The Senate should take up stalled campaign finance legislation during the lame-duck session after next month's elections, a Democratic senator said Monday. 

Sen. Claire McCaskillClaire Conner McCaskillHow Citizens United altered America's political landscape #MidnightMoscowMitch trends amid criticism of McConnell's proposed impeachment trial rules The most expensive congressional races of the last decade MORE (D-Mo.) argued that the legislation, called the Disclose Act, is necessary to bring more transparency to outside spending in politics, a topic Democrats have harped on during the final weeks of the midterm campaign.

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"I think we should do it in lame-duck; I think we should do it next year. I don't care when we do it," McCaskill said on MSNBC's "Morning Joe."

McCaskill's call underscores Democrats' criticism of spending by outside groups, such as the U.S. Chamber of Commerce, on behalf of Republican candidates this cycle, during which the GOP is expected to make large gains on Democratic majorities in Congress.

The Disclose Act, which is intended as a response to a Supreme Court decision earlier this year that relaxed limits on political spending by corporations and unions, would require those entities to file detailed public reports on political spending. The legislation passed the House, but two separate efforts to bring it to a vote in the Senate failed after centrist Republican senators declined to support it.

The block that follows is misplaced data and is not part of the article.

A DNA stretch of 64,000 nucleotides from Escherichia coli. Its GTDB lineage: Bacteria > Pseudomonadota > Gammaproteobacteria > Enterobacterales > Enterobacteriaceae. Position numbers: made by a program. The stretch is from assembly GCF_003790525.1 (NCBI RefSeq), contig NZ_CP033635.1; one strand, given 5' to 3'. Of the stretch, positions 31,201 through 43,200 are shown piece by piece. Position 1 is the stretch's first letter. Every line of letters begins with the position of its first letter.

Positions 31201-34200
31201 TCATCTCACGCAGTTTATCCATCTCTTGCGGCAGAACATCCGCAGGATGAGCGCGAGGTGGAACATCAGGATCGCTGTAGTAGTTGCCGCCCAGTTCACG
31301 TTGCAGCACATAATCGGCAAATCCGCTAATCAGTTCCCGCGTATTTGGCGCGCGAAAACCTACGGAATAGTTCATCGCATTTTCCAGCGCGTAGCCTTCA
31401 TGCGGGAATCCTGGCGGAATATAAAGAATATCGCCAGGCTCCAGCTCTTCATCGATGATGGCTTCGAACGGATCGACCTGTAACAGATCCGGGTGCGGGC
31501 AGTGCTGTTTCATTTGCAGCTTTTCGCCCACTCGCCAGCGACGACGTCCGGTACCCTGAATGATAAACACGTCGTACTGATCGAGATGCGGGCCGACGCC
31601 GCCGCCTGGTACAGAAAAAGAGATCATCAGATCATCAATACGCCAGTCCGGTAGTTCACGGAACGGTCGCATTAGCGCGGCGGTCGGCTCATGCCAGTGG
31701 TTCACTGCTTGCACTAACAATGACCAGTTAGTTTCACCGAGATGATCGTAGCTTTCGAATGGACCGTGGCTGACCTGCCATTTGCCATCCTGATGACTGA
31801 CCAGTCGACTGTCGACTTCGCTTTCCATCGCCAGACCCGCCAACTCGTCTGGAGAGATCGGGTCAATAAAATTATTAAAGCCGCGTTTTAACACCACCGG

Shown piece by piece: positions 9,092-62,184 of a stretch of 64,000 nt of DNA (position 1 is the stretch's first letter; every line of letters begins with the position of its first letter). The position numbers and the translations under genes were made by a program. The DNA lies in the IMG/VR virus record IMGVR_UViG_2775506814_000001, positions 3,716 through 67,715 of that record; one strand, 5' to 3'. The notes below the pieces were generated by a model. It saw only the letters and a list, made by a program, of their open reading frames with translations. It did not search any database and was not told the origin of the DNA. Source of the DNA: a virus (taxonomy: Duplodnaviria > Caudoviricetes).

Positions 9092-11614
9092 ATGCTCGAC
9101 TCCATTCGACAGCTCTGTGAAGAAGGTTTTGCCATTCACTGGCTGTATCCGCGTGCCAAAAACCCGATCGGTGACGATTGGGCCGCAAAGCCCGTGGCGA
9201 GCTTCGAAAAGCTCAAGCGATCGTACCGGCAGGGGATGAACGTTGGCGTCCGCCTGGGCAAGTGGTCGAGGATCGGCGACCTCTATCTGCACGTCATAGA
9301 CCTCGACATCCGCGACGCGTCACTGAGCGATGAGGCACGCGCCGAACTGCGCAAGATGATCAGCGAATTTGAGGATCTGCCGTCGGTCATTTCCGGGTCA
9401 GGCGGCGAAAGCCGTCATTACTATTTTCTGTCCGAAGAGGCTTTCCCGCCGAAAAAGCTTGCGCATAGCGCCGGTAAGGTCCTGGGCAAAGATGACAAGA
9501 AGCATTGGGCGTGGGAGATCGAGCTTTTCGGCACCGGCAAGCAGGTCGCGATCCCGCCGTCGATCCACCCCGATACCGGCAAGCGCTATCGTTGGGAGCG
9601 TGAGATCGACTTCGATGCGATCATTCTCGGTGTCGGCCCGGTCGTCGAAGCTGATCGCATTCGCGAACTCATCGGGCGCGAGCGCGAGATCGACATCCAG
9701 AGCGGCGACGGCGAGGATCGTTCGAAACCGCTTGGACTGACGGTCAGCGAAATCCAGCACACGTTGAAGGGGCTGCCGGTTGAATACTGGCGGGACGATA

Senate Majority Leader Harry ReidHarry Mason ReidTensions between McConnell and Schumer run high as trial gains momentum The Trumpification of the federal courts Trump to rally evangelicals after critical Christianity Today editorial MORE (D-Nev.) has not said whether it will be brought up during the lame-duck session, which begins Nov. 15.

President Obama for months has called on Congress to pass the legislation and recently has led Democratic criticism of outside spending by GOP groups. They have complained that the nonprofit groups should reveal the identity of their donors, pointing out that some groups, like the U.S. Chamber of Commerce, have taken money from foreign entities.

Democrats have railed against Republicans for obstructing the measure they say will help keep reasonable limits on outside political spending by requiring transparency and disclosure of expenditures, but the GOP has said that it does not apply evenly to all outside entities.

The Chamber has fired back at Democrats, saying that they do not use foreign contributions from members for political purposes, which would be illegal. Outside groups have largely said they will not disclose the identity of their donors unless it is required by law. They have also accused Democrats of hypocrisy, pointing out that they accepted large amounts of outside money during the 2008 campaign.

McCaskill made it clear that "I'm not saying that anything going on right now is illegal," but said that bringing greater "transparency" to campaign finance is a key step toward "reforming Washington."